I am pleased to share with you the results of the third TrustLaw Index of Pro Bono, the Thomson Reuters Foundation’s global benchmark mapping the scale and trends of the pro bono legal sector internationally.
Compiled with data collected from over 130 law firms – both large and small – and representing 64,500 lawyers in 75 countries, the Index provides a snapshot of the resources mobilised by the industry in support of social causes, while also monitoring the growth of the sector globally.
Pro bono is thriving. Over the last 12 months, respondents donated over 2.5 million hours of free legal support. On average lawyers invested about one week (39.2 hours) per year of their time assisting charities, non-profits, social enterprises and individuals in need, free of charge. Small law firms performed the highest number pro bono hours, averaging 41.7 hours per lawyer each year.
High levels of pro bono hours were not just coming from lawyers in the UK, US and Australia, which are traditionally known as the leading pro bono markets; in fact, 2015 saw a spike of pro bono hours for firms in South Africa and China, which reported higher average hours than any other countries, with the exception of the US.
In particular, China’s lawyers clocked an astonishing 37 hours of pro bono work on average annually – similar to what’s seen in well established markets such as Australia, and even above the hours recorded in England and Wales. China is definitely the country to watch. Its pro bono growth is remarkable: +211% since the TrustLaw Index began in 2014. The result is particularly impressive given the latest introduction of very strict laws affecting NGOs. Only 10 years ago, pro bono in China was a niche practice, but today the country has overtaken the amount of hours in England and other countries with solid pro bono traditions.
Overall, Asia saw an unprecedented increase of 40 percent year-on-year in pro bono hours performed since 2014.
Our Index indicates how lawyers have consistently proven themselves to be incredibly generous with their skills, expertise and resources. It also shows the adaptability of the pro bono sector and the capacity to spot new needs and act accordingly.
One of the most fascinating aspects of the report is in fact to note how lawyers responded to the international refugee crisis by increasing pro bono support globally: our survey reports that ‘Immigration, Refugees and Asylum’ was selected as a key focus area for pro bono work by 41.4 percent of firms – a substantial increase compared to the previous two years (24 percent and 28 percent respectively).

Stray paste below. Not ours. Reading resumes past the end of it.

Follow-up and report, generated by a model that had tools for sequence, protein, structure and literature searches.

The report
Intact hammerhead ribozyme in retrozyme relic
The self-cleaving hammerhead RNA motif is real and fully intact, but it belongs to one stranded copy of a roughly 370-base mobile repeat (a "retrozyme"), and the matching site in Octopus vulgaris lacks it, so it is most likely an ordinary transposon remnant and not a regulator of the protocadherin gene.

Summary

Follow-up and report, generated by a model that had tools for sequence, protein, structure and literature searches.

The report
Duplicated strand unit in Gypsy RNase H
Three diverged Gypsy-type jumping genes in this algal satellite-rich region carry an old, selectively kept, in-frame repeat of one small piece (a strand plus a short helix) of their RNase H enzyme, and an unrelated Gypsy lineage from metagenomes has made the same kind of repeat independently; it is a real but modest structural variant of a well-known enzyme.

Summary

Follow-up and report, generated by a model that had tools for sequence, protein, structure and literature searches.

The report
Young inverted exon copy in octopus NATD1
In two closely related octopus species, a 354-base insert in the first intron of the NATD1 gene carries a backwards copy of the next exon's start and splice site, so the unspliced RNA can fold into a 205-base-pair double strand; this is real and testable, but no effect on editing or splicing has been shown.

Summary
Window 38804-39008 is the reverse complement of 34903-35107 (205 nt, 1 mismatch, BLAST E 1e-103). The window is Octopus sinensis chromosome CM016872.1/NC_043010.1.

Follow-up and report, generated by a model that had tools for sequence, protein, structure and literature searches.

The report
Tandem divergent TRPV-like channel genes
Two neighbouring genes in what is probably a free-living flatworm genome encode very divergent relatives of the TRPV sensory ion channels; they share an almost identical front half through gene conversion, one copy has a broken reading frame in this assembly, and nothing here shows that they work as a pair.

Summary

The ongoing refugee crisis has clearly posed and continues to pose unprecedented challenges for Europe and the rest of the world and lawyers are stepping up to provide life-changing support. This is undoubtedly a beautiful story of solidarity in action.
The core mission of TrustLaw, the Thomson Reuters Foundation’s global pro bono service, is to spread the practice of pro bono worldwide to drive social change. Today, TrustLaw operates in over 170 countries, bringing together over 580 top law firms and in-house counsel teams with 2,600 of the best social impact organisations around the world.
In less than six years, TrustLaw has connected more than 2,300 legal teams with high impact NGOs and social entrepreneurs. TrustLaw has supported a targeted response to the migrant crisis with IRC, Latham & Watkins and a number of other organisations to provide detailed analysis of complicated legal frameworks relating to border control and refugee rights; partnered Equality Illinois with Kirkland & Ellis to work towards banning gay conversion therapy in Illinois; and created a user’s guide to crowdfunding in the UK with the Young Foundation and Mishcon de Reya, amongst other projects this year.
The Thomson Reuters Foundation has always been a champion for the development of the pro bono sector. Along with the Index, the Foundation has generated a range of guides and resources to help lawyers provide tailored legal advice to social sector organisations and to help non-profits and social enterprises navigate complicated legal frameworks, as well as creating training courses designed to help lawyers better understand how to support the social sector. We see these initiatives as being key to ensuring that more lawyers are better equipped to support the social economy, and in this way will be better able and hopefully even more willing to lend their expertise to pro bono clients.
In just three years, the TrustLaw Index of Pro Bono has become a very authoritative tool because it allows us to better understand where the industry is going, to set benchmarks, and to build up support for the pro bono sector. By mapping the growth of pro bono geographically and in terms of engagement levels, the Index offers firms – large and small - a unique tool to help build robust and sustainable pro bono practices and to understand how to get the greatest impact from their pro bono work.